Under this section the Member is also covered for his legal liabilities for delay in the carriage of passengers and their luggage. For the sake of continuity and completeness, the cover for those liabilities is dealt with under Rule 3 Section 5. See the comments under 3.5.15.

See also the comments under regarding exclusion of cover under Rule 11 Section 2 (h) for delay caused by the late arrival of the ship at the port or place of loading.

5.2 What constitutes a delay?

It is easy to define a delay when the carrier has agreed to deliver the cargo by a certain date. However, the liabilities for such delay are excluded from cover under this section.

Other types of delay have to be judged according to the type of cargo and trade concerned. The margin for time constituting a delay is shorter in North Sea traffic than for trans-ocean voyages, covering greater distances. Liner service of general cargo under a timetable will permit shorter delays than a tramp service with bulk cargoes, although a timetable in itself should not be regarded as a guarantee for delivery within the time published. The absence of clear case law on the point makes it difficult to define by what percentage of the expected transportation time, a delay would be treated as unacceptable and expose the carrier to liability. Some guidance as to what might be considered an unacceptable delay can be found in Article 19 of the Convention on the Contract for the International Carriage of Goods by Road (CMR):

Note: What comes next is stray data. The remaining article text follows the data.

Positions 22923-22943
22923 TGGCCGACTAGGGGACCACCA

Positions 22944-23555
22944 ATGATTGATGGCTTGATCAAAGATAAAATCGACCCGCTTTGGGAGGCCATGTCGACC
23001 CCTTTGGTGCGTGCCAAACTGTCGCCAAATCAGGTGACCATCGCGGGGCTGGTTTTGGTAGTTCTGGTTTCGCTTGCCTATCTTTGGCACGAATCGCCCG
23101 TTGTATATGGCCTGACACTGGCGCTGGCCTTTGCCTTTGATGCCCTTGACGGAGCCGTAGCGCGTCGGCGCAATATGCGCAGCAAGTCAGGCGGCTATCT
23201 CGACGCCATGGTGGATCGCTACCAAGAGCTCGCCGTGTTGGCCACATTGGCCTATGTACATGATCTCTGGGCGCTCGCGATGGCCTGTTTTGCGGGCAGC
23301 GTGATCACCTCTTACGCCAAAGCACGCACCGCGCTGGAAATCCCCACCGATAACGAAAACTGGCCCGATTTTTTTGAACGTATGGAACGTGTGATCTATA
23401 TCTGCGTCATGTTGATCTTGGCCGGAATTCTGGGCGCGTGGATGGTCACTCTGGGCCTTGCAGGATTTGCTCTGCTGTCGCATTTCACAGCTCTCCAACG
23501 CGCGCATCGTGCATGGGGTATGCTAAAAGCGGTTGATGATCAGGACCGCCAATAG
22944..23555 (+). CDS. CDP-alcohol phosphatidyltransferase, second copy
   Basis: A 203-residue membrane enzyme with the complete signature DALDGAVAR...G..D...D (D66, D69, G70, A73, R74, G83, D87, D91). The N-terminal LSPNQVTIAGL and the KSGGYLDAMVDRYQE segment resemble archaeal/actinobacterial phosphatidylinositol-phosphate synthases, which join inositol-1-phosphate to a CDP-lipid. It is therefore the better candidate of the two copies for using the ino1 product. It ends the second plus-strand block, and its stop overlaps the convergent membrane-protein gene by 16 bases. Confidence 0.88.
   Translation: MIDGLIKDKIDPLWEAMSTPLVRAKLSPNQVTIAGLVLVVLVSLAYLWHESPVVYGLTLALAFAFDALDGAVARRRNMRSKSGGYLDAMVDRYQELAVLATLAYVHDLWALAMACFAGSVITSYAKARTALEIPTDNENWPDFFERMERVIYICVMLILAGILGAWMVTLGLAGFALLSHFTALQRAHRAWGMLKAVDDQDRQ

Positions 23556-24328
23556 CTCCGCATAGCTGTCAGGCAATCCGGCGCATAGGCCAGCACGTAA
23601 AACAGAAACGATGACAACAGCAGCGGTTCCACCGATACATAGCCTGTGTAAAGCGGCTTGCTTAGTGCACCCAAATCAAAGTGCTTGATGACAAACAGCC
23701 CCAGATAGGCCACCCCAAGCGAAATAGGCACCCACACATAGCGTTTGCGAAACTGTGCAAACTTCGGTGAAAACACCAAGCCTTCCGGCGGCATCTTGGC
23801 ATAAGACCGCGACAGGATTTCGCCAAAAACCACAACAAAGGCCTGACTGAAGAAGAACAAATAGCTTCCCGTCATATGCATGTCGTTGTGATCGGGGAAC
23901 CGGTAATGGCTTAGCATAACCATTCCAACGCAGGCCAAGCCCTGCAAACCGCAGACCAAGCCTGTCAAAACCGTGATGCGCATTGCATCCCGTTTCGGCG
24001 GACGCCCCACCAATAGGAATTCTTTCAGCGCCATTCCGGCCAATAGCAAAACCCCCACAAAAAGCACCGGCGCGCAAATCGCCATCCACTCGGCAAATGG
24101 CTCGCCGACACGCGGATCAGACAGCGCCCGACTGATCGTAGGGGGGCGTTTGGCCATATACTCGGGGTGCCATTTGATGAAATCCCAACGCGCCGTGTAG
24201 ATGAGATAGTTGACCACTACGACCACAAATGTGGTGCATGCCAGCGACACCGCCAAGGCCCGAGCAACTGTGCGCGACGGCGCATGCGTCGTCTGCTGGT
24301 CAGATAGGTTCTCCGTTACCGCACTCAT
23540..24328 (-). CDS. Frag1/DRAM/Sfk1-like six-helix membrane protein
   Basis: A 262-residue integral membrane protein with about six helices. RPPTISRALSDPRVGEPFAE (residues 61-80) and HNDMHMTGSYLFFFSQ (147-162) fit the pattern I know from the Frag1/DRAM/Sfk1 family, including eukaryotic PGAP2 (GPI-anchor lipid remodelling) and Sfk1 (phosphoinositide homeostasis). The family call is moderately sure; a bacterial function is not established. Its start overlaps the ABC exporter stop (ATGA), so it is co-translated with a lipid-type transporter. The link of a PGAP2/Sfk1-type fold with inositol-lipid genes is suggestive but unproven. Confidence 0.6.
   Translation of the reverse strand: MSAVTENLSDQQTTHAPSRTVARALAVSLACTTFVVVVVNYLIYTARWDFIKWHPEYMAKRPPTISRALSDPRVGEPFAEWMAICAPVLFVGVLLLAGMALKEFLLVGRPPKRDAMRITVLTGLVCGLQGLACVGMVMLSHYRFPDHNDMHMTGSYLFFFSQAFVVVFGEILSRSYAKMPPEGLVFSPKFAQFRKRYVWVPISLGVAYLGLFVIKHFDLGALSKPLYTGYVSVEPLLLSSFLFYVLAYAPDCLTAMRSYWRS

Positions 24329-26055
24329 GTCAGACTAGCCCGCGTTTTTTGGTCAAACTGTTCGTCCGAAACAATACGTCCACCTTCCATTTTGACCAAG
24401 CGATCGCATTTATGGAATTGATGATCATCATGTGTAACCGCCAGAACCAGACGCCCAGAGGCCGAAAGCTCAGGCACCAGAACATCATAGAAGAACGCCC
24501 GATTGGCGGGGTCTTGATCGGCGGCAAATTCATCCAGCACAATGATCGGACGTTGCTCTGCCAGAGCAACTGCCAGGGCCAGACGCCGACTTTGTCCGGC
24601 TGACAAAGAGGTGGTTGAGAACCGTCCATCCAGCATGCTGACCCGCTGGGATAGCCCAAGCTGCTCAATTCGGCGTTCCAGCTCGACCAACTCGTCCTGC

“Delay in delivery shall be said to occur when the goods have not been delivered within the agreed time limit or when, failing an agreed time limit, the actual duration of the carriage having regard to the circumstances of the case ……… exceeds the time it would be reasonable to allow a diligent carrier”.